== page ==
Oregon leads the nation in passes intercepted, but now comes the real challenge: picking off a pass thrown by Kansas State's Collin Klein.

Oregon leads the nation in passes intercepted, but now comes the real challenge: picking off a pass thrown by Kansas State's Collin Klein.

He's thrown only seven all season. Those, combined with three lost fumbles by the Wildcats, make 10 total turnovers, ranking Kansas State third in the nation for fewest turnovers entering the Fiesta Bowl against the Ducks.

"These guys take care of the ball," Oregon defensive coordinator Nick Aliotti said.

On the other side of that equation, Kansas State hasn't faced a team like Oregon, which is tied for first in the nation with Kent State in takeaways, with 38 each entering their bowl games. For Oregon, that's a school record, exceeding the 37 takeaways in 2010.

"I'm hoping we can get about four more," Aliotti said of the current total. "I'd like to reach 40, and I think that would help us win the game."

With the turnover statistic being one coaches often point to as being crucial in outcomes, the contrast of the Ducks and Wildcats is certainly apparent. Kansas State rarely loses the football, while the Ducks are as good as there is at taking it away.

What gives, or is taken, on Jan. 3 at Phoenix Stadium in Glendale, Ariz., figures to play an important role in the outcome.

"You can never predict turnovers," Aliotti said, recalling a query early in the season about why the Ducks hadn't created more.

"I said, 'they'll come,'" Aliotti recalled. "You turn around, and I'm proud of this, we lead the country in (total) takeaways and interceptions."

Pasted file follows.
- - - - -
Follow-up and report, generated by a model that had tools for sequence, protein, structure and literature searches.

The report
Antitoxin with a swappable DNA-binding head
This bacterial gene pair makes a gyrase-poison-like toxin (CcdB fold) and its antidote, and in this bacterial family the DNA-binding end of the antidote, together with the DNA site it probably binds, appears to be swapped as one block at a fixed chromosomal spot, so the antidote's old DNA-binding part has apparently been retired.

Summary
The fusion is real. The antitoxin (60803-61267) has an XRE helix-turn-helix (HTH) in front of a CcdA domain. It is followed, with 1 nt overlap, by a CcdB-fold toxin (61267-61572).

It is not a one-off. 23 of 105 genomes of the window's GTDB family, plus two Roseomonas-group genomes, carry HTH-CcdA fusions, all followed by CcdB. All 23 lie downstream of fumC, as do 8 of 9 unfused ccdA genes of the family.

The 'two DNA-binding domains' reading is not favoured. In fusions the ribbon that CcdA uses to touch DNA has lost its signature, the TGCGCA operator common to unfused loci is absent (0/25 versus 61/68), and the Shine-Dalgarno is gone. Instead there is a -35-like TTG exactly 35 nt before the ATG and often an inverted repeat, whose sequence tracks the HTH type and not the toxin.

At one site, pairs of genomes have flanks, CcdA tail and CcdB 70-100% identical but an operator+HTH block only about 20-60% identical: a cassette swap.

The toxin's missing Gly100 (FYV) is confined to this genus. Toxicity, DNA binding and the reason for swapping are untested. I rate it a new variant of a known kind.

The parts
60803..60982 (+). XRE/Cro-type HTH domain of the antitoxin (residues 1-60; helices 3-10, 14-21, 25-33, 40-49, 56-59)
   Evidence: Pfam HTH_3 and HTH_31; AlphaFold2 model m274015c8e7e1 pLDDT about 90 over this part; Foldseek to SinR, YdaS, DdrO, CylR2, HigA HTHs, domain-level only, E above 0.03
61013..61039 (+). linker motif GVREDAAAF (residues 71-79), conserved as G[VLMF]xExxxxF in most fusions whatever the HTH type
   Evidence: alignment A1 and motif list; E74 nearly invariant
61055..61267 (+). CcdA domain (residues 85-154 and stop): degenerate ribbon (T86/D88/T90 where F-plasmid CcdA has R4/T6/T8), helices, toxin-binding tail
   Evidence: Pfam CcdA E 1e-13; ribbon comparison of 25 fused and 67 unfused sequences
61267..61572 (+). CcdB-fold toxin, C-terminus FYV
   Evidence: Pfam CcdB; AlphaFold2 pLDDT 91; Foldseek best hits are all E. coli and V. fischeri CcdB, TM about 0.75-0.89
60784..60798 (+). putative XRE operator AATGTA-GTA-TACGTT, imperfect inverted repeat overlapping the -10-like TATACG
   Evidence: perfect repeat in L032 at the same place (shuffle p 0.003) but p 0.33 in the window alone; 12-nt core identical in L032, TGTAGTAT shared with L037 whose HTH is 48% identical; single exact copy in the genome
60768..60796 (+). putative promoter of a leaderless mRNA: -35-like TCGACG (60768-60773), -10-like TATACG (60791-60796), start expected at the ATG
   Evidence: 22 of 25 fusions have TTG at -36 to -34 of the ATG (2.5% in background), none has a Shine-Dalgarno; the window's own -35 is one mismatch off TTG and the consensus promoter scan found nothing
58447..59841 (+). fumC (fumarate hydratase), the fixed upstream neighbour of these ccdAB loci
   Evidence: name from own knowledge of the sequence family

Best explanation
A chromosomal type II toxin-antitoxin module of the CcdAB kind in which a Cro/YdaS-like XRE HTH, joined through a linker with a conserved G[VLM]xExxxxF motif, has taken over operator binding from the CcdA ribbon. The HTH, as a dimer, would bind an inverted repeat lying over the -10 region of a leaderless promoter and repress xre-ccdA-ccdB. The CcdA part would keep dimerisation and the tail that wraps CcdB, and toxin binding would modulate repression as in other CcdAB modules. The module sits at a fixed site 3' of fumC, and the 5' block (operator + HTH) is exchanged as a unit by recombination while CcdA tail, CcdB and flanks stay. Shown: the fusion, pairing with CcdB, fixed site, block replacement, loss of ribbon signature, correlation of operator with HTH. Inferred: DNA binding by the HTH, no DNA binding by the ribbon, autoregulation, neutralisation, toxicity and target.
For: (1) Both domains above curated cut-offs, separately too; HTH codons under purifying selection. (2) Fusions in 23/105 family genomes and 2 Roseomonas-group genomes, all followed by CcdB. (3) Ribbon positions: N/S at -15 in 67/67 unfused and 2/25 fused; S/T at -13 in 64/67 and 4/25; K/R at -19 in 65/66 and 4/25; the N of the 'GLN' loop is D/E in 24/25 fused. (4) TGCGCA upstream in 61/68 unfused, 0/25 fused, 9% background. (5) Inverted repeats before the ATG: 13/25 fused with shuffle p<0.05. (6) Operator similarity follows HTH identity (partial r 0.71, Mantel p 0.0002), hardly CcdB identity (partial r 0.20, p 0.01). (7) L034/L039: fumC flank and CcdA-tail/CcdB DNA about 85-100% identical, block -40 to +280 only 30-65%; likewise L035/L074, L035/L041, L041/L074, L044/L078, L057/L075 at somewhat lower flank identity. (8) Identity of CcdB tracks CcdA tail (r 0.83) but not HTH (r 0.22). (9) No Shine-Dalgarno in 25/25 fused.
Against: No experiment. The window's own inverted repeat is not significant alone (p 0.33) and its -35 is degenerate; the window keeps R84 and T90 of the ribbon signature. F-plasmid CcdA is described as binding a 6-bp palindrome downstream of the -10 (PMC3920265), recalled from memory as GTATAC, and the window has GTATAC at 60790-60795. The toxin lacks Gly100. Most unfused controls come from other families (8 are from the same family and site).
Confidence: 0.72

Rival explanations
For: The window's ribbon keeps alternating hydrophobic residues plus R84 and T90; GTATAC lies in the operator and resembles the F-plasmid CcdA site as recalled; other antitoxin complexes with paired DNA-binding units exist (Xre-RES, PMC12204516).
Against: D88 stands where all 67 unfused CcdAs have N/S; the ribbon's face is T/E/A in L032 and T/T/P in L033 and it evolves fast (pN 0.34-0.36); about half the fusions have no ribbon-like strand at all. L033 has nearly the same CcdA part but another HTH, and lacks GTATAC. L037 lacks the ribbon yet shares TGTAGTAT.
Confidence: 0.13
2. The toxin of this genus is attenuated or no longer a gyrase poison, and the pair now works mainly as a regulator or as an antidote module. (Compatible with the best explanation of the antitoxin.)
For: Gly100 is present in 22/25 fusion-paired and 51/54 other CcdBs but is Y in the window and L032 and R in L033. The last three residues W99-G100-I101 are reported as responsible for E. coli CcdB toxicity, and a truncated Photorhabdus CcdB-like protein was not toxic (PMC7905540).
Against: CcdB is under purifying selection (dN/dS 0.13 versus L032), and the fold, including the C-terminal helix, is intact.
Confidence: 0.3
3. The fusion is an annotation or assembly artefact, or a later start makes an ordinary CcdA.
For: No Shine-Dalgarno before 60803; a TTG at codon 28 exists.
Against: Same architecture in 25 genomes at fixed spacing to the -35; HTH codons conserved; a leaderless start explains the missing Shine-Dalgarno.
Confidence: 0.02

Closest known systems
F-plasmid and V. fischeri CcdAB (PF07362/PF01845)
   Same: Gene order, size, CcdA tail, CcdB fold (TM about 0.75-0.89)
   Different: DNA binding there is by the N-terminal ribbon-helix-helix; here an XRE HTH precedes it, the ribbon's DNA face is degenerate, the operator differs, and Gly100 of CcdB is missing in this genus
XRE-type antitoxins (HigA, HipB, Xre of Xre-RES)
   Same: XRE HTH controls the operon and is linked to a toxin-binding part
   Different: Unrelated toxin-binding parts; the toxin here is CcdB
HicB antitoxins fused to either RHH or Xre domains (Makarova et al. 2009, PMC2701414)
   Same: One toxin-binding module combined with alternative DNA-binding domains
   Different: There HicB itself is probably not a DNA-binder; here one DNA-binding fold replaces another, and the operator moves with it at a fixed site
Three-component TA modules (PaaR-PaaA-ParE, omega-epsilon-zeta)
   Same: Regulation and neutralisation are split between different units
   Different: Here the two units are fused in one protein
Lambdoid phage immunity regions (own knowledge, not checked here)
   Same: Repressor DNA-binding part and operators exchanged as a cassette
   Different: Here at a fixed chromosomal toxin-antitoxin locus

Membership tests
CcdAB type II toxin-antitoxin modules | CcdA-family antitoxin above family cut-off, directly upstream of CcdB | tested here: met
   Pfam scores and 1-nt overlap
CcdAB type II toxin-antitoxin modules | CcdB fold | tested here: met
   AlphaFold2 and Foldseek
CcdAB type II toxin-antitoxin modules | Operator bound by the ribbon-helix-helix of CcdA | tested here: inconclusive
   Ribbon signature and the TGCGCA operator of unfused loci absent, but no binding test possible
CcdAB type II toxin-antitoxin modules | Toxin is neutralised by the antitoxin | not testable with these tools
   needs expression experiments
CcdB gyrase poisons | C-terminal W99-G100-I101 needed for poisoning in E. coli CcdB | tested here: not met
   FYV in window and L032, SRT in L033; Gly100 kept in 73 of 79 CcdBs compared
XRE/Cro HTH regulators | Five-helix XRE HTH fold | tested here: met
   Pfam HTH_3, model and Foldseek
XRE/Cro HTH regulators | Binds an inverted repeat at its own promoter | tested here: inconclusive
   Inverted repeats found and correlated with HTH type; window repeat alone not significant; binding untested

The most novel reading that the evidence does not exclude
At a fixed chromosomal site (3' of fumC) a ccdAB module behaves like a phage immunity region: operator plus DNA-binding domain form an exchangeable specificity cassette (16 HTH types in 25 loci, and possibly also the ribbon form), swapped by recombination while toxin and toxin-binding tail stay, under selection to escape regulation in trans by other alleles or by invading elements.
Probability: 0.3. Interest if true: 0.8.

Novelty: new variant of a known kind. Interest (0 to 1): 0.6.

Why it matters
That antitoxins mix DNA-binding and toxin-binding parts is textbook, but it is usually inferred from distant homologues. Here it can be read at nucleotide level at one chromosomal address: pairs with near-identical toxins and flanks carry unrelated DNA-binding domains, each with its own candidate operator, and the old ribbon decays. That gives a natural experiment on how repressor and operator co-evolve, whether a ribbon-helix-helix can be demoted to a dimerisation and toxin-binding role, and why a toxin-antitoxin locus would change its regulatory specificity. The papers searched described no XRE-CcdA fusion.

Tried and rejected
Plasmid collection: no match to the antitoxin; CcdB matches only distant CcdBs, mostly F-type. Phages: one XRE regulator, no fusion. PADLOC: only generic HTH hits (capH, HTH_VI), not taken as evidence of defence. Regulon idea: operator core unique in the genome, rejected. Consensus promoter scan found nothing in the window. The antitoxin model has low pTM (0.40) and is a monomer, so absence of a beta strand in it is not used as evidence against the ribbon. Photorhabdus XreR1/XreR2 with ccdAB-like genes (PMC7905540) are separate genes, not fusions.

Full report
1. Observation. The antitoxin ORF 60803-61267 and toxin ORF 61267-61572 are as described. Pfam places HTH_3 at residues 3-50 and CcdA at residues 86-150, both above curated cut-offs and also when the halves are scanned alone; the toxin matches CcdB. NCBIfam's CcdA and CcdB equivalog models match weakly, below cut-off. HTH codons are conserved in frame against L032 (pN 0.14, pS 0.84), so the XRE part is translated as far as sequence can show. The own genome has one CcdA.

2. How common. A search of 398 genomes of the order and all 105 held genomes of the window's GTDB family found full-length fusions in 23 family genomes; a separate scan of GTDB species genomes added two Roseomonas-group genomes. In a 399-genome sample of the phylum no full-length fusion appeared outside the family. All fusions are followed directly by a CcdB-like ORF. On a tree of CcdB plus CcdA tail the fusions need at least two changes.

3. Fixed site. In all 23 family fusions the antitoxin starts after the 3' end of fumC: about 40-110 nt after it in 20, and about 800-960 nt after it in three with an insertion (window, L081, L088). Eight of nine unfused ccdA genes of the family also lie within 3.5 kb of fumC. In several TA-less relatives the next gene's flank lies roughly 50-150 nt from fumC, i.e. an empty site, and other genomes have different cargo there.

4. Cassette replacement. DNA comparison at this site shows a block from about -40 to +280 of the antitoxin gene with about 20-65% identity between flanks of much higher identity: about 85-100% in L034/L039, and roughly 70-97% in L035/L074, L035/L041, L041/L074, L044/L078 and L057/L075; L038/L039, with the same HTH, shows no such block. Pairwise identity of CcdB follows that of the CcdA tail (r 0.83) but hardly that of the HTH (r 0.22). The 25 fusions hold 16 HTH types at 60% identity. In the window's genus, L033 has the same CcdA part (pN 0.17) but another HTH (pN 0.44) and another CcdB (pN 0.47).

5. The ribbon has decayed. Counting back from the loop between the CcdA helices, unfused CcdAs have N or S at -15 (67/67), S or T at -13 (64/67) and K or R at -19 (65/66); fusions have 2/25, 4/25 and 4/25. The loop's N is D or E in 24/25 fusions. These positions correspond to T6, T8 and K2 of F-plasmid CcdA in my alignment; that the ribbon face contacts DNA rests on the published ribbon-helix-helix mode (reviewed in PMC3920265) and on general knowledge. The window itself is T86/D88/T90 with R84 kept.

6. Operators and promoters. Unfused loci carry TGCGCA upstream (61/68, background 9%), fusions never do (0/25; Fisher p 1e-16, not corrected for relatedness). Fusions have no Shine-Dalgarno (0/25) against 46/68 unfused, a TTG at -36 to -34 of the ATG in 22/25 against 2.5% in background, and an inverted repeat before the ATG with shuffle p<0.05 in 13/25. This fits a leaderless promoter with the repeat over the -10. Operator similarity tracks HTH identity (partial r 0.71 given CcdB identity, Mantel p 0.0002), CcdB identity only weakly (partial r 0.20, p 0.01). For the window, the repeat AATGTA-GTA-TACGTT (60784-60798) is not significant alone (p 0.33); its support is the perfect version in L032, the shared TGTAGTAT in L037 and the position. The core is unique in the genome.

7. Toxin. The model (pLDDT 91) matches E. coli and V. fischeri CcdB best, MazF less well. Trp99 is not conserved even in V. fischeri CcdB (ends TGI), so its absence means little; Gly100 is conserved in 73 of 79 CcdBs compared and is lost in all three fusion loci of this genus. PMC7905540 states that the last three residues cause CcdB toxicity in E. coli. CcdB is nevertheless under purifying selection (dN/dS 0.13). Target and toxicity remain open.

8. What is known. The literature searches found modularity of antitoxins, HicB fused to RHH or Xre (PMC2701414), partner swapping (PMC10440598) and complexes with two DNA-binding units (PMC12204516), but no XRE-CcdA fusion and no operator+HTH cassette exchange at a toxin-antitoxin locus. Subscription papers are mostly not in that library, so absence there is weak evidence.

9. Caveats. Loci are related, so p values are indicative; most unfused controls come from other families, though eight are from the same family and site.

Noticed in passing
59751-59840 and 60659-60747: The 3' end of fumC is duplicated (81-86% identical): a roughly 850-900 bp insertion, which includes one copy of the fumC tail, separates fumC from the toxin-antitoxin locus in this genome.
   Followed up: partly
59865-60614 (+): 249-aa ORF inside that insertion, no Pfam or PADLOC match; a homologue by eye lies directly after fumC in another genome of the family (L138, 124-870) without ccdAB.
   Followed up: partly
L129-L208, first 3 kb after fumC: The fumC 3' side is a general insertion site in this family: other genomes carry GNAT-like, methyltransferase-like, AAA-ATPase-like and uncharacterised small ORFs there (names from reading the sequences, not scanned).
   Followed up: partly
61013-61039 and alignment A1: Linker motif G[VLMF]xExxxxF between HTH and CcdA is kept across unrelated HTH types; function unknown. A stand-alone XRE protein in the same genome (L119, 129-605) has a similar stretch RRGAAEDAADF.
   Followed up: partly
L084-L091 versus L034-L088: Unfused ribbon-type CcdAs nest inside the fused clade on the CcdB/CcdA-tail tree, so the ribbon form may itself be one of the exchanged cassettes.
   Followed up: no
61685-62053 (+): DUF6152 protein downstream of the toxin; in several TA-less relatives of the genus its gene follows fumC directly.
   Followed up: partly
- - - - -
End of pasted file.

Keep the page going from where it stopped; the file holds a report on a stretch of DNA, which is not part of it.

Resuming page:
The 24 interceptions for Oregon are one off the school record, first set in 1947 and then tied by the Ducks in 1949 and 1968. A full team of 11 different Ducks have contributed to that total, with four each by cornerback Ifo Ekpre-Olomu and linebacker Kiko Alonso.

"I just think that all of us, we watch a lot of (video), we all study, we do things that will help us in game situations," Ekpre-Olomu said. "You've got to put yourself in position to make a play."

Once there, though, not every defensive player has the hands of a receiver to catch the football. Remember, more than one football coach has joked that defensive backs are often former receivers who didn't have good hands.

"That's just an old tale," UO safety Brian Jackson said. "I just think that as a unit, we've improved catching the ball."

Still, there must be a secret to this season's success. The Ducks have seven more interceptions than last year, and in the previous decade, Oregon's interception total only reached above 20 two other times.

"It's just the way that we play," Jackson said. "We run to the ball all the time and we're in the right spot at the right time, and not only that, we finish on the ball.

"We practice finishing, so that when the ball is near us, we can catch it. I can't say there's a secret or anything. It's just instinct. If you know where the ball is, you've just got to come down with it."

The challenge will be to have those opportunities against Kansas State. Klein's seven interceptions came in 272 attempts, and three of his interceptions came in one game, a 52-24 loss to Baylor.

Two other notable statistics stand out from that day. Klein threw a season-high 50 passes in that game, more than double his average for the other 11 games, as the Wildcats were limited to 76 rushing yards, their season low.

Baylor obviously made Kansas State's offense one-dimensional, which is likely to be a goal of the Ducks. Much of Oregon's success in doing so will hinge on whether the Ducks can limit the running of Klein, who rushed for 890 yards, two yards shy of being his team's leading rusher.

"I don't like quarterbacks who can extend plays with their legs," Aliotti said. "I like guys who stand back there and don't move. I'm impressed by Collin Klein. He's going to be a handful."

All of which seems to make him an even better passer, if a defense is too concerned about his running. Even a team with as many interceptions as Oregon could find it a major challenge to pick off Klein.

"He doesn't force it in there," Aliotti said. "He's very smart with his throws and the throws are safe and if he doesn't like it, he tucks it and runs. That's the part I don't like."